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Picture Of The Month



Rockfish on the fly with Drifter2007

Topic: Length of Hobie factory paddles?  (Read 8904 times)

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Clayman

  • Salmon
  • ******
  • Location: Newport, OR
  • Date Registered: Feb 2017
  • Posts: 790
My 2017 Hobie paddle is 230cm length.  Every kayak site I've seen recommends a 240cm length paddle for someone my height (5'10") and a 33" wide (Outback) kayak.  I want a new paddle that gives me a chance to paddle to safety in wind and swell when my Mirage Drive breaks again.  I don't know what the Hobie paddle weighs, but I'd like something lighter.  I like the idea of yellow blades which could be used to signal in an emergency.

Any recommendations within a $150 budget?  I imagine a lighter paddle will be made of more fragile materials that I'll need to take care of.
It's a little outside your listed price range, but I really like the Adventure Technology Odyssey Angler. Lightweight, infinite feathering, and oversized paddle blades to get more oomph out of every stroke. You can also adjust the length for an additional 10cm, giving you better odds of finding the sweet spot for your paddling needs. The painted ruler on the shaft and line catcher on one of the blades are cool too--I use the ruler all the time for quick OTW fish measurements. When I busted a Mirage Drive mast a few miles northwest of Depoe Bay last fall, the Odyssey paddled my Revo 13 back to port with no issues. Of course, it's great for paddle kayaks as well  ;D.
aMayesing Bros.


Mojo Jojo

  • Sturgeon
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  • Suffers from Yakfishiolus Catchyitis
  • Location: Tillamook, Oregon
  • Date Registered: May 2014
  • Posts: 6036
My 2017 Hobie paddle is 230cm length.  Every kayak site I've seen recommends a 240cm length paddle for someone my height (5'10") and a 33" wide (Outback) kayak.  I want a new paddle that gives me a chance to paddle to safety in wind and swell when my Mirage Drive breaks again.  I don't know what the Hobie paddle weighs, but I'd like something lighter.  I like the idea of yellow blades which could be used to signal in an emergency.

Any recommendations within a $150 budget?  I imagine a lighter paddle will be made of more fragile materials that I'll need to take care of.
It's a little outside your listed price range, but I really like the Adventure Technology Odyssey Angler. Lightweight, infinite feathering, and oversized paddle blades to get more oomph out of every stroke. You can also adjust the length for an additional 10cm, giving you better odds of finding the sweet spot for your paddling needs. The painted ruler on the shaft and line catcher on one of the blades are cool too--I use the ruler all the time for quick OTW fish measurements. When I busted a Mirage Drive mast a few miles northwest of Depoe Bay last fall, the Odyssey paddled my Revo 13 back to port with no issues. Of course, it's great for paddle kayaks as well  ;D.
Pshhh paddling a revo is easy compared to an Outback.... throw an extra $100 on your price and you can get a quality paddle that will last many years, the fiberglass and composite paddles are way lighter but surprisingly stronger. I use a Werner and paddle my Big Tuna with it and hand it on my my Native propel kayaks unless someone else’s arse is in my Tuna, then they have it.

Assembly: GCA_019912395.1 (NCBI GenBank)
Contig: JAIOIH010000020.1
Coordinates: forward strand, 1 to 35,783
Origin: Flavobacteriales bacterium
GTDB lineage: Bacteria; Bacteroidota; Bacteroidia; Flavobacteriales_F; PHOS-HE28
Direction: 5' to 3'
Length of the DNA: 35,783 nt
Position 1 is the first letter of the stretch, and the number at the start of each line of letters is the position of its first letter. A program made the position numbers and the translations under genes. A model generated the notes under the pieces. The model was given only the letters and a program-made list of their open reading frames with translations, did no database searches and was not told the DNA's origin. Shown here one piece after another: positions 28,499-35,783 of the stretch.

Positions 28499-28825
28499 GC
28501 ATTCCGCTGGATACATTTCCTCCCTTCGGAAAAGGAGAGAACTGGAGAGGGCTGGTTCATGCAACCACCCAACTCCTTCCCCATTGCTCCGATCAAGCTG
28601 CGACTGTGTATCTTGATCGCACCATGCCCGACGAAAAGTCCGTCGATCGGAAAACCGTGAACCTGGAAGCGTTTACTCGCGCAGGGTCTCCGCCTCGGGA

Shannon
2013 Jackson Big Tuna "Aircraft Carrier"
2011 Native Mariner Propel "My pickup truck"
2015 Native Slayer Propel "TLW's ride"
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hdpwipmonkey

  • Sturgeon
  • *******
  • Location: Cornelius, OR
  • Date Registered: Nov 2014
  • Posts: 1483
I have an Adventure Technology Search Angler for my Outback that's 240cm.  About $150
https://www.atpaddles.com/us/paddles/search-angler
The only time I've used it for any length of time was floating the Nehalem with Mojo a couple of years ago.  It was right after all the winter rains and the river was moving along pretty good.  I mostly used it for steering, the river took care of the forward momentum.

Honestly, it's an Outback, its going to suck to paddle it.  I'd much rather try and fix my drive on the water if I'm able then have to paddle it.  I keep a small tool box and parts box in my front hatch bucket.  I also have a bow line and hopefully a friend close by to pull me in if need be.  If the worst happens then last resort, I have a paddle... to wave in the air for some help.   :spittake:
Ray
2020 Hobie Outback "Chum Chicken"
2018 Native Titan 10.5 "Battle Barge"
Wilderness Tarpon 100






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Clayman

  • Salmon
  • ******
  • Location: Newport, OR
  • Date Registered: Feb 2017
  • Posts: 790
Pshhh paddling a revo is easy compared to an Outback....
True. That's one of the reasons I haven't pulled the trigger on an Outback :). But an Outback can indeed be paddled. My brother has the same AT Odyssey paddle as me, and fishes exclusively from an Outback. He puts in way more miles on the salt than me, and when he has a Mirage Drive snafu, he's had to paddle that Outback in crap conditions several times, including at least one five mile trudge from the Pac halibut grounds off Trinidad in whitecapping conditions.

The kayak fishing scene's changed a lot over the last ten years, to the point where paddling is almost an afterthought. IMO, knowing how to paddle properly is an invaluable safety skill. If your Mirage or Propel or Helix or whatever drive craps out, it'll give you peace of mind if you know you can get back home using only your paddle.
aMayesing Bros.


 

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